No matter how many hours they spend in the classroom, there will always be students who need extra help with their homework. Sometimes these are kids who have learning disabilities, but academically advanced students can struggle with certain subjects too. Concerned about your child? The following information can help you decide when (and how) to seek outside help.
Signs Your Student Is Struggling
A poor report card or consistently low test scores are obvious indications of a struggling student, but sometimes the signs are harder to see. Other, more subtle behavior indicators to look for include:
- Spending longer than indicated on assignments.
- Not completing homework.
- Getting easily frustrated or distracted.
- Skipping school.
- Poor conduct in the classroom.
- Becoming anxious at the mention of school.
- Making careless errors.
- Not working at grade level.
How to Help Your Struggling Student
While difficulty in school can be frustrating for both children and parents, there are steps you can take to ensure that your struggling student gets the help he or she deserves.
Find the problem areas.
Students struggle in school for a variety of reasons — an undiagnosed reading delay, the need for stronger study skills, or a poor understanding of basic math concepts, just to name a few. Consider diagnostic testing if you aren’t sure where your child truly needs help.
Look for underlying issues.
Bullying, disappointments, undiagnosed illnesses, or recent changes in family dynamics like births, deaths, or divorce can all affect school performance. If this is the case, academic intervention won’t fix the problem — and you may need to seek help from the appropriate professionals.
Talk to the teacher.
Teachers are a wealth of information. They can offer insight into your child’s behavior and performance at school, as well as valuable recommendations of educational books and websites that can provide extra guidance for you and extra practice for your child.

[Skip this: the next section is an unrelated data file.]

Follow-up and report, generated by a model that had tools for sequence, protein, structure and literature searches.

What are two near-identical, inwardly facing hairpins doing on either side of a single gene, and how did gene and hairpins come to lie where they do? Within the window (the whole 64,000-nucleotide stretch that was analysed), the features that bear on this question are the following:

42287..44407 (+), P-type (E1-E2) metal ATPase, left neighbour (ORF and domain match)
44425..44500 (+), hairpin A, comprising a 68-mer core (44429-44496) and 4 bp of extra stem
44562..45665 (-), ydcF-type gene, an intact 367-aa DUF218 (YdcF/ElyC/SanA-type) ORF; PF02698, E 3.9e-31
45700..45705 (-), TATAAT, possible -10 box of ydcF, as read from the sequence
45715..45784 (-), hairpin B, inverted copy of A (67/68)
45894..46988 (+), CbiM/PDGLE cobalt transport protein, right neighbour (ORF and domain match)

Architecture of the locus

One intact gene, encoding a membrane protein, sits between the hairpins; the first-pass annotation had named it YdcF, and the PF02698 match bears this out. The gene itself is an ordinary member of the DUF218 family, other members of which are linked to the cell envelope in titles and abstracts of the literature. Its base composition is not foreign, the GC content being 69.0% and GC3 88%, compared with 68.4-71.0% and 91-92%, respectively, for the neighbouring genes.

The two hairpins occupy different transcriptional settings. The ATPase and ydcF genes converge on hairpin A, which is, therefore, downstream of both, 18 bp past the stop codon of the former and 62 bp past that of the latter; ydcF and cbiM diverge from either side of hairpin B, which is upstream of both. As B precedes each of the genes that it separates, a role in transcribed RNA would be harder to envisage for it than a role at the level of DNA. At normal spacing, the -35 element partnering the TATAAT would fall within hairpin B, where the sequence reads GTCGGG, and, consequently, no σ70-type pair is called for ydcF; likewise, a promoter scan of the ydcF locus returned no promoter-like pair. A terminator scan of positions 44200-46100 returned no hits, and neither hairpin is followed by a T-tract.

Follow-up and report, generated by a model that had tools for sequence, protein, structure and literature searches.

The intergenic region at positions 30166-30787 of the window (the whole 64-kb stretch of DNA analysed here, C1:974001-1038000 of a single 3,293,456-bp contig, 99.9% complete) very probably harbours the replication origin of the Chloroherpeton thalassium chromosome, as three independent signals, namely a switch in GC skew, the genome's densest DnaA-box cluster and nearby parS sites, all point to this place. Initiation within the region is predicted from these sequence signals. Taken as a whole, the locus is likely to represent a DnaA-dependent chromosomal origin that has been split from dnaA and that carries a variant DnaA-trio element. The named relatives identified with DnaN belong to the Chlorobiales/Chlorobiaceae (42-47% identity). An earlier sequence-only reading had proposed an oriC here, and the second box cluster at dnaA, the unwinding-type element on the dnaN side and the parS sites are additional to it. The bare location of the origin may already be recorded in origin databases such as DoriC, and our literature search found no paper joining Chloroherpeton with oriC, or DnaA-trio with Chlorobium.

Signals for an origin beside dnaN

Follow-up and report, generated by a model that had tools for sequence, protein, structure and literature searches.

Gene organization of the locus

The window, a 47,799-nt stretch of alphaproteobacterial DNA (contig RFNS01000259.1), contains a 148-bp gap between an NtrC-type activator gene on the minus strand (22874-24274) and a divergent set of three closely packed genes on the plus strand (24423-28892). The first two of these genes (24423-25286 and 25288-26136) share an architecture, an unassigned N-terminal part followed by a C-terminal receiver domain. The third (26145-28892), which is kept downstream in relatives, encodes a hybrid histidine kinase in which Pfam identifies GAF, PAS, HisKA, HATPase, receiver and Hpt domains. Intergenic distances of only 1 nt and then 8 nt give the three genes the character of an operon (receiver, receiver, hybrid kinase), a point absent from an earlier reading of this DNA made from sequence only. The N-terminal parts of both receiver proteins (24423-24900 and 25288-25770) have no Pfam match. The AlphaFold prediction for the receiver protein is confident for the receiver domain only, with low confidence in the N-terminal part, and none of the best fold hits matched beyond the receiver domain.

Get more involved.
Parental involvement in education is a key predictor of academic success. If you aren’t sure how to get more involved, you may benefit from a Parent Coach, an individual who has been specifically trained to help parents capitalize on learning opportunities in everyday life.
Hire a tutor.
One-on-one instruction makes a tremendous difference for a student who can’t keep up in a class of 20 or 30 other kids. You may be able to find a competent classmate or older student willing to help, but if your student is really struggling, a professional tutor may be worth the expense.
Compare online tutors, large companies like Sylvan, and locally-owned tutoring companies in your area to determine who can best empower your child to succeed.
Take advantage of community programs.
Many community organizations host educational camps, classes, and after-school programs, which can be a great opportunity for kids to participate in fun, learning-based activities outside of the classroom.
Enroll your student in a class or camp in a subject where he struggles, or choose one where you know he will excel. The former will provide extra practice and instruction, but the latter will boost self-esteem — and serve as a positive reminder of how much fun learning can actually be.
by Alyssa Chirco
Alyssa Chirco is a freelance writer, parenting blogger, and mother of two from St. Louis. A graduate of Washington University with degrees in English Literature and Film Studies, she now spends her days playing Legos, diffusing sibling rivalry, and hoping her house will magically clean itself. Alyssa is also a contributing editor for ParentingSquad.com, and a Guest Perspectives Blogger for Dr.Greene.com.